* – I still don’t get Fuel TV in the Chicago market. That, praise be to Jesus and Allah, will not be an issue when the UFC transitions to Fox Sports 1 in August.
Frankie Edgar vs. Charles Oliveira
-In contrast to the fine piece linked above, here’s “Kid” Nate Wilcox following Frankie Edgar’s loss at UFC 150:
Frankie Edgar, skilled and capable as he is, has been boring the daylights out of the Lightweight division since taking the belt from B.J. Penn at UFC 112 in April 2010. Apparently he’s been laboring under the misapprehension that fans and judges appreciate his elegant point-fighting style.
Alas Mr. Edgar we do not.
MMA fans thirst for clear conclusions. We want definitive answers, not 50 shades of Frankie Edgar. With the exception of his second title bout with Gray Maynard, every single Frankie Edgar LW title fight has left its outcome to the judges to decide and the fans to debate.
Never mind Frankie Edgar’s six “Fight of the Night” awards. Never mind his two classics opposite Gray Maynard in 2011. Never mind the man that beat Frankie, Ben Henderson, hasn’t stopped an opponent in his entire UFC career. No, Frankie Edgar is a bore and deserving of half-brained allusions to 50 Fuckin’ Shades of Grey.
Tim Kennedy vs. Roger Gracie
-Tim Kennedy on June 25:
“I hope this isn’t the reality of the sport, if it is I should probably go do something else, like empty trash cans. I’d make more money than I do now.”
Tim Kennedy on June 28:
“My choice of words was poor, not properly informed, and did not match my intent. Additionally, my comments were taken out of context.”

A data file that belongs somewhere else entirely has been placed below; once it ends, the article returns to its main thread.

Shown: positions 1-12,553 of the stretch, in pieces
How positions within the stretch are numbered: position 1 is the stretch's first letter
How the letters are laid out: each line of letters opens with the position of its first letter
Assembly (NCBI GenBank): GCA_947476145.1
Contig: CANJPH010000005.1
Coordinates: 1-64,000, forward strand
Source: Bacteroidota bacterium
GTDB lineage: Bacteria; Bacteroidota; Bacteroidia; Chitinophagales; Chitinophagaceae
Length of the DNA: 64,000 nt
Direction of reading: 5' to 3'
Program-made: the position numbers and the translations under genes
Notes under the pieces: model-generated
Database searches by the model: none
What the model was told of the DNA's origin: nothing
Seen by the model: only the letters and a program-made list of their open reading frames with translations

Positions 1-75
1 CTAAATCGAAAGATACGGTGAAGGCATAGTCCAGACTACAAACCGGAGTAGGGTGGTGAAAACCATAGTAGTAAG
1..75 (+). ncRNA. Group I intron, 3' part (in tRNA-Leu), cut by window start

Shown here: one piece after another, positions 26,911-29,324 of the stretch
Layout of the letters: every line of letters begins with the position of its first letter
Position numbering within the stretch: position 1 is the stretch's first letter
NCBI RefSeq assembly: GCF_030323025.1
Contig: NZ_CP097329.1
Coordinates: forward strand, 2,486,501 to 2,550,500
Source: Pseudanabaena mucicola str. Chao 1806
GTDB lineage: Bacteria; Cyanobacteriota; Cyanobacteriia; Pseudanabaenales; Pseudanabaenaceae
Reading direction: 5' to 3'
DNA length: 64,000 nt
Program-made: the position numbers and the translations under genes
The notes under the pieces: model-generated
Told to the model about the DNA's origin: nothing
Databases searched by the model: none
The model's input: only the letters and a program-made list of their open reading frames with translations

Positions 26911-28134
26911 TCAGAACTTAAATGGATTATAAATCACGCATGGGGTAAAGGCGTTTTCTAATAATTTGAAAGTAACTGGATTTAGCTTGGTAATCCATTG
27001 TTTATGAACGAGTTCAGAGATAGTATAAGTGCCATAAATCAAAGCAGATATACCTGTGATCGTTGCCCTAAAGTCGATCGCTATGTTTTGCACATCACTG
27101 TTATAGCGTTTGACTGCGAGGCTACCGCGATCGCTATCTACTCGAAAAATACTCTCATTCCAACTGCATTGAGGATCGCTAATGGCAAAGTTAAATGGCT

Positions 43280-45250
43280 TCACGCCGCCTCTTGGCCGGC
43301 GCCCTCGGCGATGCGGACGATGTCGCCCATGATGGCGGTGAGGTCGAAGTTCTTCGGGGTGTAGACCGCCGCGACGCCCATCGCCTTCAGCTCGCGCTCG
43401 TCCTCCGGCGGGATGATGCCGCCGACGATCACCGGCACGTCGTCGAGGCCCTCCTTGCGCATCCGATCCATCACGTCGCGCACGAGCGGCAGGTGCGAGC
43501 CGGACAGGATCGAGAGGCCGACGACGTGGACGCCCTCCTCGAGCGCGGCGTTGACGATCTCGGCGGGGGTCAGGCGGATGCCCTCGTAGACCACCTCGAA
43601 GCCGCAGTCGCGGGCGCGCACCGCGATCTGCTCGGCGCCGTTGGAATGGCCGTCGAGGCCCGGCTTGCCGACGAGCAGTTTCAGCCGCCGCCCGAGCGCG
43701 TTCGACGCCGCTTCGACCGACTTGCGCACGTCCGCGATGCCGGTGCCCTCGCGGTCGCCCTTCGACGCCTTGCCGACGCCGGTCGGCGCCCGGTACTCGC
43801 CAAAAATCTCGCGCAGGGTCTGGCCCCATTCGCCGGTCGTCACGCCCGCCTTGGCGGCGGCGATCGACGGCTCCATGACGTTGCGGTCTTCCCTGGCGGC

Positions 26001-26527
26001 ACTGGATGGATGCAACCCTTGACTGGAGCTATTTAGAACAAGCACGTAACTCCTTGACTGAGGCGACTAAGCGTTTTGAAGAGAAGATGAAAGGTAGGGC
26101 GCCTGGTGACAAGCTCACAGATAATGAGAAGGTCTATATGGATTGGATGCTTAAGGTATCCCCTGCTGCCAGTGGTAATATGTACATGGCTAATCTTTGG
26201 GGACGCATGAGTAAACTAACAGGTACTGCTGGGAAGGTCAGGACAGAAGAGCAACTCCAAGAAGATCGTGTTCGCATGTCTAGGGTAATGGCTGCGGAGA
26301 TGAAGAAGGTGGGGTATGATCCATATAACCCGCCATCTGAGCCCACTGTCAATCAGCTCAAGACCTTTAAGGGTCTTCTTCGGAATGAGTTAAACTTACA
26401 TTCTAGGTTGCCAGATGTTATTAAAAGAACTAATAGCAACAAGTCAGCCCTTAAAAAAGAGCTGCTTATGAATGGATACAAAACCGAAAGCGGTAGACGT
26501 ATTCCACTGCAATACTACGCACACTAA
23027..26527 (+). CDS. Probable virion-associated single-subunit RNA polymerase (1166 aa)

-Kennedy’s tail tucking shows just how little leverage fighters – at least those below the main eventers – have with the UFC. Pre-apology, the UFC almost assuredly releases Kennedy with a loss on Saturday. Post-apology, he’s still in the doghouse, and best watch his tongue (or Twitter fingers).
Mark Munoz vs. Tim Boetsch
-Holy Shit! Stat of the Day: Mark Munoz has completed only 23% of his takedowns in the UFC/WEC. Lowlights: 0-4 against Matt Hamill, 2-12 against Nick Catone, 1-8 against Kendall Grove, and 1-15 (!) against Yushin Okami.
-This is still the best thing I’ve ever seen in the Octagon: BOETSCH_HEATH_RAGDOLL.GIF
Cub Swanson vs. Dennis Siver
-This is a great UFC PPV. You’ve got five solid PPV fights – the only fight with a heavy favorite (Frankie Edgar 5-1 against Charles Oliveira) should still put on a show, divisional relevance, a meaningful title fight, and the best greatest active fighter on the planet. Swanson and Siver should be the low-end of names you see on the PPV bill, and not the likes of Chris Camozzi or Court McGee or Igor Pokrajac.
Mike Fagan is a weekly contributor to MMA Owl. He also hosts Untethered MMA every Thursday at 7 p.m. ET at FightFansRadio.com, also available as a podcast via iTunes.